Non-Farm Payrolls: The Only Game in Town
All is quiet ahead of the jobs report at 0830..
Good morning contrarians!
Stocks treaded water yesterday. There simply wasn’t much movement in the broader indexes, though individual stocks bounced around pretty significantly on earnings. Expedia (EXPE 0.00%↑) was a major winner there, up 7% overnight. Warner Bros Discovery (WBD 0.00%↑), recently spun out of AT&T (T 0.00%↑) a major loser, down 10%.
State of Play
As of 0630, all is quiet:
Stock futures are flat as a board, with major indexes sitting right at the break-even point;
Commodities aren’t doing anything either, though WTI crude oil dropped below $90/barrel yesterday and is now trading around $88.50/barrel;
Cryptos are up a bit, with bitcoin gaining 1% to move past $23,000;
Bonds are dropping a bit, with the yield on the 2-year up 3 basis points to 3.06% and the 10-year up 2bps to 2.7% (yields move inversely to prices).
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It’s the first Friday of the month, which makes it ‘jobs day.’ The Bureau of Labor Statistics publishes non-farm payrolls for July at 0830. Economists expect 258,000 new jobs, down from the 372,000 seen last month. That would keep the unemployment rate steady at 3.6%.
As you can see from the above chart, the labor market has been resilient. We had ‘quits levels’ print at an all-time high earlier this week. Initial jobless claims are edging up, but the economy is still able to produce new jobs in abundance.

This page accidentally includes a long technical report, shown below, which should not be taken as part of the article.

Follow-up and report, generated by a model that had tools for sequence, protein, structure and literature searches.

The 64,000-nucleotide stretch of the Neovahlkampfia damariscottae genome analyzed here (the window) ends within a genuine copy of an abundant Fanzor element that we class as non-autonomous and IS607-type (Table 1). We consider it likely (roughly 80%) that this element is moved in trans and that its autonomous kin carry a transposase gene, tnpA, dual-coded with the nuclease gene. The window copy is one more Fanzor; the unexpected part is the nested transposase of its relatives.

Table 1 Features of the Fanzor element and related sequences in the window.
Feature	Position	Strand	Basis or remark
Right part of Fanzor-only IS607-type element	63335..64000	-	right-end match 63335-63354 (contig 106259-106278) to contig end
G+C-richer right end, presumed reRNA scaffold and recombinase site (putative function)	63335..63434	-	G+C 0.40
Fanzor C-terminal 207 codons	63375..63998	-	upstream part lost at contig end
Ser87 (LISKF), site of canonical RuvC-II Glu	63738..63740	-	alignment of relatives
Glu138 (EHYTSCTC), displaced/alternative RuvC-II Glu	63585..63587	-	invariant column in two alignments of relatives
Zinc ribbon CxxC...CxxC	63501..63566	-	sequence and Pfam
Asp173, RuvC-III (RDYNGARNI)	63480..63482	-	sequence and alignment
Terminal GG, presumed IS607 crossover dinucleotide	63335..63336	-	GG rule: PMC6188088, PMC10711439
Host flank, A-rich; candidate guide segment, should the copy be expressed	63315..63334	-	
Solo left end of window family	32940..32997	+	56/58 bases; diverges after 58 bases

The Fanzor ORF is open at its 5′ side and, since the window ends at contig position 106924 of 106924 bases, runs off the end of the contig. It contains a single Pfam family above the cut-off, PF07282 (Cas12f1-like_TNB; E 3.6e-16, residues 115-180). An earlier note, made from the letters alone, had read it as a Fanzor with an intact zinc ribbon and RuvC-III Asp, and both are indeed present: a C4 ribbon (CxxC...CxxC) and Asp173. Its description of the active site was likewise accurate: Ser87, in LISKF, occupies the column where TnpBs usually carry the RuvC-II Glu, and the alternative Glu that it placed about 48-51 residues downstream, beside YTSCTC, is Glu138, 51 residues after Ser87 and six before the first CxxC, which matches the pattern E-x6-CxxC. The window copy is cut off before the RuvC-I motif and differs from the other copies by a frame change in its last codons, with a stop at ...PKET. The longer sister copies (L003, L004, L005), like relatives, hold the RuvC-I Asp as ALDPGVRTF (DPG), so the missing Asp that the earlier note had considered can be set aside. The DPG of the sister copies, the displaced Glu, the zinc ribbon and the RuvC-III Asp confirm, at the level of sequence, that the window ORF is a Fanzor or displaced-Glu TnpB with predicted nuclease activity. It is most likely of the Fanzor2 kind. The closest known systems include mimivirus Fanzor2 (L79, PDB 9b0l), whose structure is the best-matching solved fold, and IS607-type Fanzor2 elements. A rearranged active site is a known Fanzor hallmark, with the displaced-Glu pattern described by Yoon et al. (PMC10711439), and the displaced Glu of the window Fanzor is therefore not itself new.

Still, this would be the fifth month in a row of new payrolls sub 400,000 and first sub 300,000 in more than a year. That figure is still impressive and obviously nowhere near recessionary territory (remember these are new jobs created each month), but well off of some of the gaudy numbers we’ve seen these last couple of years.
The Bottom Line©
The jobs report is one of those reverse psychology things: You don’t actually want a lot of growth here because that will mean the Fed has to raise interest rates more than expected. That will be bad for stocks. The market appears to be pricing in a ‘Fed pivot’ to neutrality or even rate cuts by this autumn. For that to happen you need the economy to cool. For that to happen, you need jobs growth to slow.
That will be the quickest fix for inflation, too. If there is less money chasing more goods, then prices will come down. If Americans are unemployed (or afraid of becoming unemployed, as happens in a recession) then they will be less keen to spend money on things they don’t need.
That’s the simple calculation, but there is a lot of room for nuance. Speaking of money, there still seems to be a lot of it sloshing through the system and driving up asset prices. Is the bear market over? The Nasdaq is putting in another strong week, leading U.S. indexes. It’s still in a bear market (more than 20% off the all-time high) but there’s been a lot of healing these last six weeks. Can it continue? You tell me.